Voters approve paid sick time off for part-time workers in Elizabeth

Photo By Peter Fiorilla A resident holds up a sign in support of paid, sick time off for Elizabeth part-time workers during a rally before the election. Voters approved the ballot initiative by a wide margin.
Photo By Peter Fiorilla
A resident holds up a sign in support of paid, sick time off for Elizabeth part-time workers during a rally before the election. Voters approved the ballot initiative by a wide margin.

ELIZABETH, NJ – Voters responded overwhelmingly positive to pass a ballot question calling for mandatory paid sick time off for part-time employees of both public and private businesses in Elizabeth. The city will be the 10th municipality in New Jersey to have such a law on the books.

By a margin of 3,037 to 563, voters adopted the ballot measure to create an “ordinance to add a new chapter to the ordinances of Elizabeth to promote the overall health and safety of the residents and workers of the City of Elizabeth by reducing the spread of

communicable disease and contagion by requiring a policy of paid sick leave for workers in Elizabeth,” according to the wording of

the initiative. Advocates for the measure say that about 25,000 workers who do not receive paid sick time off will benefit from this initiative.

The interpretative statement listed on the ballot read as follows:
“The ordinance would require private-sector employers to allow their employees to accrue paid sick leave at a rate of 1 hour for each 30 hours worked. Employees who provide food service, child care, or home health care, or who work for employers with ten or more employees would be entitled to up to 40 hours of paid sick leave each year. Other private-sector employees would be entitled to up to 24 hours of paid sick leave each year.”

The passage of the ballot measure was likely causing celebrations among some Elizabeth residents who recently held a candlelight vigil in front of city hall in support of the measure.

“Tonight is a tremendous victory for over 25,000 Elizabeth workers who will never again have to choose between their livelihood and their family’s health,” said Analilia Mejia, executive director of New Jersey Working Families, in a release. “This vote is also a clear call to action for elected leaders in Trenton. New Jersey voters believe that paid sick days should be a basic workplace right, and we won’t stop until Trenton enacts a statewide bill that covers every worker in the state.”

The candle light vigil, held a week prior to the vote, featured around 50 people holding candles and listened to impassioned pleas in support of the measure.

In a release, the group said “Elizabeth mothers, community leaders and grassroots supporters” held the vigil to raise awareness about the local initiative. Many in the group put together a petition with more than the required 1,500 signatures needed to put the measure to a vote.

“If my child gets sick, I need to know that taking a day to care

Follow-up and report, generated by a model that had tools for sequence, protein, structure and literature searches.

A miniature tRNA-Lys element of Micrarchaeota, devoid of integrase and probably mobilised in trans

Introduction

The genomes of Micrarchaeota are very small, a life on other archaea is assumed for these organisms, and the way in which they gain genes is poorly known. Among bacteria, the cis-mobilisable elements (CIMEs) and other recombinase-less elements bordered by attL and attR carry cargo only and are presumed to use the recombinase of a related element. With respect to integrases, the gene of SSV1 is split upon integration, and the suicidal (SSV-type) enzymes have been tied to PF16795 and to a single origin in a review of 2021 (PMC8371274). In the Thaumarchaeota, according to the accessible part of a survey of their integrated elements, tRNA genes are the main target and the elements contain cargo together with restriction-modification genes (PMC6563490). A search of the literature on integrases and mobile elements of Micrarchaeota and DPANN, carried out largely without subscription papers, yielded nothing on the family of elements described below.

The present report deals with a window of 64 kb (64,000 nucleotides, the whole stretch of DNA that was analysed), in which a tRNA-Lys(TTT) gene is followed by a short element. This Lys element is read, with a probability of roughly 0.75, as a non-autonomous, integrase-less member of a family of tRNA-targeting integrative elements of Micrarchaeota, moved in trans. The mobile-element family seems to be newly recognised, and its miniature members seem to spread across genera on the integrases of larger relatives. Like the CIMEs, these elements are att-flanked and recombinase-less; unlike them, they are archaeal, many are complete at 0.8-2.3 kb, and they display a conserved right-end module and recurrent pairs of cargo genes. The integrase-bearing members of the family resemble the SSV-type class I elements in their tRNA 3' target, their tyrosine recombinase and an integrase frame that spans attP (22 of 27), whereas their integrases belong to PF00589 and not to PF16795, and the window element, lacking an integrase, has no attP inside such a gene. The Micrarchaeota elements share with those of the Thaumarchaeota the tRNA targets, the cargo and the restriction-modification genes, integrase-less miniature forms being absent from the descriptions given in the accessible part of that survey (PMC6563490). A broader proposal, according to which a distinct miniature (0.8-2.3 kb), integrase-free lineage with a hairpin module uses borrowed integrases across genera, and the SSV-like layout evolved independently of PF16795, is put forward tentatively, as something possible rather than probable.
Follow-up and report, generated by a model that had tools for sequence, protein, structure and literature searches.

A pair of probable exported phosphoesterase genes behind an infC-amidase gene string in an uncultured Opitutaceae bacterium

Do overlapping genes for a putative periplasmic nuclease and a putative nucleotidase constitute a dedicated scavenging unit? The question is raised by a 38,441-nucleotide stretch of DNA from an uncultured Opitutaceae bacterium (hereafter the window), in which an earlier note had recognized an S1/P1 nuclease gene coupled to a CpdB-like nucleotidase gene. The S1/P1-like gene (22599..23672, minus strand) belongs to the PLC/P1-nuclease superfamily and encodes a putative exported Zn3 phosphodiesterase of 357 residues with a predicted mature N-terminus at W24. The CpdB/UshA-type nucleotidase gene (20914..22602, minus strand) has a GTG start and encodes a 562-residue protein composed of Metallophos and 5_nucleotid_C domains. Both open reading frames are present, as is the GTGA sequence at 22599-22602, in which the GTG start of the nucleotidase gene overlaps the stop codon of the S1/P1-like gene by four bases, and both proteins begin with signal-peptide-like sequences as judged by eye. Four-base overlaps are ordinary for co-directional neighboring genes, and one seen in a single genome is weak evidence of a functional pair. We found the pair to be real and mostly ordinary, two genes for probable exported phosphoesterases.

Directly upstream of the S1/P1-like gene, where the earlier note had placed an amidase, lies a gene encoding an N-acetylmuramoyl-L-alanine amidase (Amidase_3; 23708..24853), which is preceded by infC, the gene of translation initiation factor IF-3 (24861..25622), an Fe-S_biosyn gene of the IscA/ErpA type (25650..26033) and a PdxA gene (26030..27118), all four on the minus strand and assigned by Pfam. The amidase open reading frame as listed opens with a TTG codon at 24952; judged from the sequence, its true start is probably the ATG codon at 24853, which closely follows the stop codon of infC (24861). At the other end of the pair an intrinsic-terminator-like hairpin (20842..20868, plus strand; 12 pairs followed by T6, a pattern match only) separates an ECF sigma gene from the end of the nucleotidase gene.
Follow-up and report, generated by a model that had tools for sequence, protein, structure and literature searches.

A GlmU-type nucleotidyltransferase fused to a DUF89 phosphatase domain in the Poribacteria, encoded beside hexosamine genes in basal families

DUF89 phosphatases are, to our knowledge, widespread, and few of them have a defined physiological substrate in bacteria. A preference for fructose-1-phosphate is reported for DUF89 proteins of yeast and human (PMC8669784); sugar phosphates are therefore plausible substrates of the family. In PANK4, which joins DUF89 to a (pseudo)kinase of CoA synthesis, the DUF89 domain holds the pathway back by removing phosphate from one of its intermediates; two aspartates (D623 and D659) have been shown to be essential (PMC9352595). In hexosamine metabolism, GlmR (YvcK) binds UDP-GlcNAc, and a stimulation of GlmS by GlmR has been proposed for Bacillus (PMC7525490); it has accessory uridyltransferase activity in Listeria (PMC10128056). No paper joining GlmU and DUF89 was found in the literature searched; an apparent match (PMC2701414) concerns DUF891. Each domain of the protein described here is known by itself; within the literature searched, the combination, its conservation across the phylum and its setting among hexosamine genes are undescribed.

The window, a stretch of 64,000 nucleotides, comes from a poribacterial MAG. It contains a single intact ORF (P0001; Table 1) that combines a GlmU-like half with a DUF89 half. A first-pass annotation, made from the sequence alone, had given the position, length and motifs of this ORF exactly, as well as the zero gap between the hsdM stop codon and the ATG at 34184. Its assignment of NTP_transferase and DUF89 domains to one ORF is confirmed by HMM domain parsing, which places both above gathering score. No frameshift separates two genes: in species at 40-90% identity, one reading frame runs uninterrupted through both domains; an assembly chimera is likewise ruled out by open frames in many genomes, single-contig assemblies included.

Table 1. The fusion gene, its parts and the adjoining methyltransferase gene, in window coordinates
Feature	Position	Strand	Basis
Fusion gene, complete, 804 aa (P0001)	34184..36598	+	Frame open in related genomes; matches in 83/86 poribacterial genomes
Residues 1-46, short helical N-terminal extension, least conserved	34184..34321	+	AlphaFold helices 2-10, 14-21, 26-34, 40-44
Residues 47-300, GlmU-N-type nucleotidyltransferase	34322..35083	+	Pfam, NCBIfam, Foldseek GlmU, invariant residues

for him won’t cost me my job or the pay I need to buy him medicine and put food in his mouth,” said Ana Hodges in the release. Hodges, the release says, was one of the first five to sign the petition.

Nine of the country’s 17 earned sick times laws can be found in New Jersey, including in Jersey City, Newark, Passaic, East Orange, Paterson, Irvington, Montclair, Trenton, and Bloomfield. Montclair’s and Trenton’s laws were also approved by ballot measures. Elizabeth is now the 1oth in the state.

According to a release from New Jersey Working Families, Elizabeth’s new earned sick time laws is nearly identical to New Jersey’s nine other municipal ordinances around New Jersey.

The new law allows private-sector workers to earn one hour of sick time for every 30 hours worked. Those that work in businesses with 10 or more employees can earn five paid sick days per year; workers in businesses with nine or fewer employees would be eligible to earn three paid sick days per year. In addition, employees directly in contact with the public, such as food service and daycare workers, would be eligible to earn five sick days regardless of company size. The days can be used to care for themselves or for sick children, siblings, parents, grandparents or grandchildren.

“Nearly everyone in New Jersey supports paid sick days, because paid sick days support everyone,” said Dena Mottola Jaborska in a release. She is the associate director of New Jersey Citizen Action and a spokesperson for the New Jersey Time to Care Coalition. “Paid, sick days strengthen families, protect the economy and deliver tangible benefits for business. This is a common sense policy whose time has come in New Jersey, and we call on the New Jersey Legislature to pass a strong paid sick days bill without delay.”

According to New Jersey Working Families, a recent study of the impact of the Jersey City paid sick days ordinance conducted in April by the Rutgers Center for Women and Work found that businesses can benefit when their workers can earn paid sick days. Forty-two percent of Jersey City businesses that changed their policies to comply with the ordinance reported positive benefits, like reduced employee turnover, higher productivity and an improved candidate pool.

“Our findings in Jersey City reflect a growing academic consensus that paid, sick days provides measurable benefits to businesses and local economies,” said Karen White in a release. She is the director of the Working Families Program at the Rutgers Center for Women and Work. “When sick workers stay home, workplaces are healthier and more productive. And when workers can earn paid sick time, they have money to spend on goods and services. Elizabeth just joined a growing number of New Jersey cities that have now decided paid sick days are a win-win for workers, employers, and local economies.”